The Domestication of Cats

“Cat” by Fung0131 (CC BY-SA 2.0)

Cats come in all sizes, some have been domesticated while others are wild animals. The differances between wild and domestic cats could shed light on the evolutionary pathway that has led to cats as human companions. Typically untrainable, cats would not have been selected for in early agricultural communites like dogs and horses were. The inability to get a cat to follow commands makes them practically useless as helpers.

It is hypothesized that cats became integrated into human society as they exploited early civilaztions that often became overrun with prey species such as mice. Humans tolerated the presence of wild cats as they began to incorporate themselves into the human world. The process is described as one of natural selection in contrast to the artificial selection that has created the domesticated dog. Through time and evolutionary adapatations, the more docile and agreeable cats were then transplanted by humans across the globe.

Domestic cats, F. silvestris catus, are a subspecies of cats that evolved from wildcats that had chosen to live in and close to human settlements like in the Fertile Cresecent. Genotyping of domestic cats has shown that they are derived from five lineages and can be traced back to F. silvestris lybicaFossils and ancient art places the domestication of cats at around 11,000-4,000 B.P [1]. These data also suggest that there was a singular domestication event that began the process.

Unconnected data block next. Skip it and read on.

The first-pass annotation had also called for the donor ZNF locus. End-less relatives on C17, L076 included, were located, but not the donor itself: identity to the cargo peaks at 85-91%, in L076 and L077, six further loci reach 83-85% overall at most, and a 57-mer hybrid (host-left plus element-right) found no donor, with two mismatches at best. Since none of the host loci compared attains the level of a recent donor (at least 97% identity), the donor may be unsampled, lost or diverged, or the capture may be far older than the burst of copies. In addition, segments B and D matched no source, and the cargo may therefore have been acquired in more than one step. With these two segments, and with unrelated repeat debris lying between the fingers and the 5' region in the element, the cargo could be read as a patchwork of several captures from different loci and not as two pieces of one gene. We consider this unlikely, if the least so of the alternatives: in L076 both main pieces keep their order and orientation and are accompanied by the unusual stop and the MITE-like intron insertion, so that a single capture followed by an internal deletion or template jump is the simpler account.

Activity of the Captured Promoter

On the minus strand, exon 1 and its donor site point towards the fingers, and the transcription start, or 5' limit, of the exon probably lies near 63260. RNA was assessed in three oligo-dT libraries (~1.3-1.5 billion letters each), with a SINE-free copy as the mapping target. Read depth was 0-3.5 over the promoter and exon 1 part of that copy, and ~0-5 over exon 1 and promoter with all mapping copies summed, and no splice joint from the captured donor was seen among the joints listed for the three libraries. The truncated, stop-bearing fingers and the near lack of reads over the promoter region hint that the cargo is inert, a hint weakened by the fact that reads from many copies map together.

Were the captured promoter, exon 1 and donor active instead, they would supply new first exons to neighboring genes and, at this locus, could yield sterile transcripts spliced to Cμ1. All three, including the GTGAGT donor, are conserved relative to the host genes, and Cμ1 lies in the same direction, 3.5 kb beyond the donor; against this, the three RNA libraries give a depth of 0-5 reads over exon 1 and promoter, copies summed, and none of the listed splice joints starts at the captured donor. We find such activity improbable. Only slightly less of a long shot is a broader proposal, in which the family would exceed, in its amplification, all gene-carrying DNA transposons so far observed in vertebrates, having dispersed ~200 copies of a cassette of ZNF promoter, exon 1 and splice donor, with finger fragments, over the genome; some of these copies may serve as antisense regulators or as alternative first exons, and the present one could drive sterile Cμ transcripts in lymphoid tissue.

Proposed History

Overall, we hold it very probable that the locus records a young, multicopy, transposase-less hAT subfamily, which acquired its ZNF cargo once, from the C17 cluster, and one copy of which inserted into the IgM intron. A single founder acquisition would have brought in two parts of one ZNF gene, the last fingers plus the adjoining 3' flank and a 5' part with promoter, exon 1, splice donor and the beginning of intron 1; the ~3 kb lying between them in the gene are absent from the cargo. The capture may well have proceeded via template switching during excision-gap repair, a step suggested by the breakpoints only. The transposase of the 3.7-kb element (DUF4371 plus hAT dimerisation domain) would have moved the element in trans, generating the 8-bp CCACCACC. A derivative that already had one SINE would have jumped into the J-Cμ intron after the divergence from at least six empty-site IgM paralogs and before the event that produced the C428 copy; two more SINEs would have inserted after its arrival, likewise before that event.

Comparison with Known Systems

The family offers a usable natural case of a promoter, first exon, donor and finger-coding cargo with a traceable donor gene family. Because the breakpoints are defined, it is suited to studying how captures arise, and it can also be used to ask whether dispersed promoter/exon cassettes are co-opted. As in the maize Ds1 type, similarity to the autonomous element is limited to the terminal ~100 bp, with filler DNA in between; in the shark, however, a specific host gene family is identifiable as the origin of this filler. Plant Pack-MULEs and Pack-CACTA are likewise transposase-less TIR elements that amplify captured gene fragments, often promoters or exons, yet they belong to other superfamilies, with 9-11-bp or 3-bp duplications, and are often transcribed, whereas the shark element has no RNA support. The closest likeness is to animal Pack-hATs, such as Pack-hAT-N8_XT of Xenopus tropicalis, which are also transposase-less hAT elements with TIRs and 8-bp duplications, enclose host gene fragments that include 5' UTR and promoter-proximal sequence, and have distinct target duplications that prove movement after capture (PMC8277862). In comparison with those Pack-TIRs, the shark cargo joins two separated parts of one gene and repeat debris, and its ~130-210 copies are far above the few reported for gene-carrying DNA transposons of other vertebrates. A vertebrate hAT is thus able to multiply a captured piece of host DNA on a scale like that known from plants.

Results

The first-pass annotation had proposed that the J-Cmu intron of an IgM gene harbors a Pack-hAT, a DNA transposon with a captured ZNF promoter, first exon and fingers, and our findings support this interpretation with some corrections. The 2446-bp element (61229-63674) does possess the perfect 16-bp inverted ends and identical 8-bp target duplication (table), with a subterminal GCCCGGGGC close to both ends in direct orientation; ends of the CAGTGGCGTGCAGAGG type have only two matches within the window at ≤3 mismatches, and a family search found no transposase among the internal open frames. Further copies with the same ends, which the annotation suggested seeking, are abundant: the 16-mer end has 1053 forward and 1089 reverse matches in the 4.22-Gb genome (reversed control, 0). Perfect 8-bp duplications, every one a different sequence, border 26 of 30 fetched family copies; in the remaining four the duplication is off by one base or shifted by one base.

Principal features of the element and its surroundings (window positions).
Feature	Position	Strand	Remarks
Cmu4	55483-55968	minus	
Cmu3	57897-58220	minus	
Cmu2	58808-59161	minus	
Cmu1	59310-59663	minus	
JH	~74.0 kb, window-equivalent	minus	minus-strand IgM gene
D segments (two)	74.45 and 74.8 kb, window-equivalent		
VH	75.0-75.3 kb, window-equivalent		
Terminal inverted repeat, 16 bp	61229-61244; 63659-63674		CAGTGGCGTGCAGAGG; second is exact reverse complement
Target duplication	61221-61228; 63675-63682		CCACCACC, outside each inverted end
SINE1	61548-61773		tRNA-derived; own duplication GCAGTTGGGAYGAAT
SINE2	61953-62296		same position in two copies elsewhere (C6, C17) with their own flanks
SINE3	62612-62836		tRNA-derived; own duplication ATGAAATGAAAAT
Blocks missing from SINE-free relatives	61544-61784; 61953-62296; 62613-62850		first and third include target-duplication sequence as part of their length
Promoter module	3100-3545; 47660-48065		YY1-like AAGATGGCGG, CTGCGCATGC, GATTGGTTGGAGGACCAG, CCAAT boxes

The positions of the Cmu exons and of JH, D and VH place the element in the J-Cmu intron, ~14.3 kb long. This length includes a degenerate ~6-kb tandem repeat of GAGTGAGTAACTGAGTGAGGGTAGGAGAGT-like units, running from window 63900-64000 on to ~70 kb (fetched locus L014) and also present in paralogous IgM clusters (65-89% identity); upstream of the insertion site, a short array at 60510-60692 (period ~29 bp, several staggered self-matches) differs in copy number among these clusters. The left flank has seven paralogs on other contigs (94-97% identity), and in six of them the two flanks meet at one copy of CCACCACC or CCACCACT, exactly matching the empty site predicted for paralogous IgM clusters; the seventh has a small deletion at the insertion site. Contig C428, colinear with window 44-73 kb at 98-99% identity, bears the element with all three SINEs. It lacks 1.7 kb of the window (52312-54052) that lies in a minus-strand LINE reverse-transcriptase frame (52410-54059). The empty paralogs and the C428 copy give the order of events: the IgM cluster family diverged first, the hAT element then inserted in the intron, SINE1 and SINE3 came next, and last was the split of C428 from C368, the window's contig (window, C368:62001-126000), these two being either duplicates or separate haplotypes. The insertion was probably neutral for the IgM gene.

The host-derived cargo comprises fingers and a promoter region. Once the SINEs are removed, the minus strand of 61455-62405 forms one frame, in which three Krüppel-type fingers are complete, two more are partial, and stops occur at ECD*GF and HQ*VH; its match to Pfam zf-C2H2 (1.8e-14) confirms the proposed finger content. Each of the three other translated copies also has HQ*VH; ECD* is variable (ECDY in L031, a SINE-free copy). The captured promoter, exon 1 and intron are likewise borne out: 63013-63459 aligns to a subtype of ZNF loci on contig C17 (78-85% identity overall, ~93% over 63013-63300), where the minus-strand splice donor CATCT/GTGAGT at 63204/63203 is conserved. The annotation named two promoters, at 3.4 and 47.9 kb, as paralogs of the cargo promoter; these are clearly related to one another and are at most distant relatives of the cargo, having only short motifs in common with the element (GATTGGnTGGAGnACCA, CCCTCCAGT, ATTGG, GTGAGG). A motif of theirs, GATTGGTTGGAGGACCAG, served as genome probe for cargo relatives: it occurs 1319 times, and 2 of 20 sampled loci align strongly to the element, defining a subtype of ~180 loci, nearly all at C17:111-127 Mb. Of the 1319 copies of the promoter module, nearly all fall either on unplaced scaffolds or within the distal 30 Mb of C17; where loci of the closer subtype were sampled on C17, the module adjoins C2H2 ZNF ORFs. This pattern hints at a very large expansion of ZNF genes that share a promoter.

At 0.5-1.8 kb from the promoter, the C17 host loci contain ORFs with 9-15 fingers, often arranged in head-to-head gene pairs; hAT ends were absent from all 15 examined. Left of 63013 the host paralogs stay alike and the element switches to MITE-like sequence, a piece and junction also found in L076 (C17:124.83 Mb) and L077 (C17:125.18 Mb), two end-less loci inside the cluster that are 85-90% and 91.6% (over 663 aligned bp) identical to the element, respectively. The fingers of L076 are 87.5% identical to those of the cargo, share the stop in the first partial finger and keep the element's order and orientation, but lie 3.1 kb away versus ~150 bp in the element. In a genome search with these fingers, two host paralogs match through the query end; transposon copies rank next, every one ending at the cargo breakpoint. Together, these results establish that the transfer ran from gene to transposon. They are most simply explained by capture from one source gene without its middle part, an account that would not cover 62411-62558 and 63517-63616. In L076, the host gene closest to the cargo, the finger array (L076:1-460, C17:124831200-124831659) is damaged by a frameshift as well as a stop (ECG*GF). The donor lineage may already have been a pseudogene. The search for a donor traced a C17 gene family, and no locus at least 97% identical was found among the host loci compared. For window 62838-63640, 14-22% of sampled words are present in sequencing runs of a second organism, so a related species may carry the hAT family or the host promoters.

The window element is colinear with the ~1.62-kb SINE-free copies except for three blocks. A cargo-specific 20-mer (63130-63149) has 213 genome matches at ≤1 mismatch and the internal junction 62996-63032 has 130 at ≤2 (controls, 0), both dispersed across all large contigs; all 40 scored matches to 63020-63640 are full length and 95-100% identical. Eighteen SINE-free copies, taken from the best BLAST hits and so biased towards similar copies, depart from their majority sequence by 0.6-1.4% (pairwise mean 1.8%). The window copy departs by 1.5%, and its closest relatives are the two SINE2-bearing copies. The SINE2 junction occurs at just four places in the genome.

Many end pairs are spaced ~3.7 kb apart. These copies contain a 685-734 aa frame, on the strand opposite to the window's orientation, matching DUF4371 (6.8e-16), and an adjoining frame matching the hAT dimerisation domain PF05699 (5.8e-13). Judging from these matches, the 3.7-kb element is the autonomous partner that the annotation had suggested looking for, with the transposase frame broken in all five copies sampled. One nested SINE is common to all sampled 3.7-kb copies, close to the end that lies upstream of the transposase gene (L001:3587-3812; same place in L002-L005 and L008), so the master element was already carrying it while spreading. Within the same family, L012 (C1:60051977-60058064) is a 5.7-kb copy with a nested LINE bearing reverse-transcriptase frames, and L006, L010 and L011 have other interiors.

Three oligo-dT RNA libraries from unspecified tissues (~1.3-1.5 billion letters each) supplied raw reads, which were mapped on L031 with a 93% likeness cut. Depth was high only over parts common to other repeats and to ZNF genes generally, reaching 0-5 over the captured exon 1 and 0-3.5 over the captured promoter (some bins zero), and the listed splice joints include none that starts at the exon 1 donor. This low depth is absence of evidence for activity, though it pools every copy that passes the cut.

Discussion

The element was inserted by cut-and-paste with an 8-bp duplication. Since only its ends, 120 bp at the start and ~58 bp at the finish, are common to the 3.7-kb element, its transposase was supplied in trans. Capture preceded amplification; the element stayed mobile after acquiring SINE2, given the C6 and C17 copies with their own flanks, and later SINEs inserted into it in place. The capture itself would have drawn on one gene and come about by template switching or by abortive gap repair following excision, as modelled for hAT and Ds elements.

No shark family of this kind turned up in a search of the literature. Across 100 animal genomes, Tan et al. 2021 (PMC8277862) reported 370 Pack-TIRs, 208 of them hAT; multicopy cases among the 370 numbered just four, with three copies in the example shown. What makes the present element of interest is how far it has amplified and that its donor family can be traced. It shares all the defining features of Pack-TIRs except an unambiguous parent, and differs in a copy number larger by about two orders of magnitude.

“Elly” by H. Schofield (CC by 2.0)

Mitochondiral DNA analysis of domesitcated cats suggests that divergence from the wild cats occured in sympatry. There is a marked phenotypic divergence in behavior of domestics and their less tame wild counterparts. Genes that made wild cats better suited to urban lifestyles were selected for geographically and concurrantly with humans.  The great diversity in housecats can be attributed to geographic dispersal along the Fertile Crescent and the thousands of years of evolution towards an increase in domestic genes in cat populations that integrated themselves into human settlements. The human preference for tameness provided an avenue for the translocation of tame cats to new settlements as human expansion continued. The adorable cats that we now snuggle in our homes are the result of wild cat’s exploitative behaviors that evolved into tamenss with increasing human contact.


[1] Driscoll, C. A., et al. “From Wild Animals to Domestic Pets, an Evolutionary View of Domestication.” Proceedings of the National Academy of Sciences, vol. 106, no. Supplement_1, 2009, pp. 9971–9978., doi:10.1073/pnas.0901586106.

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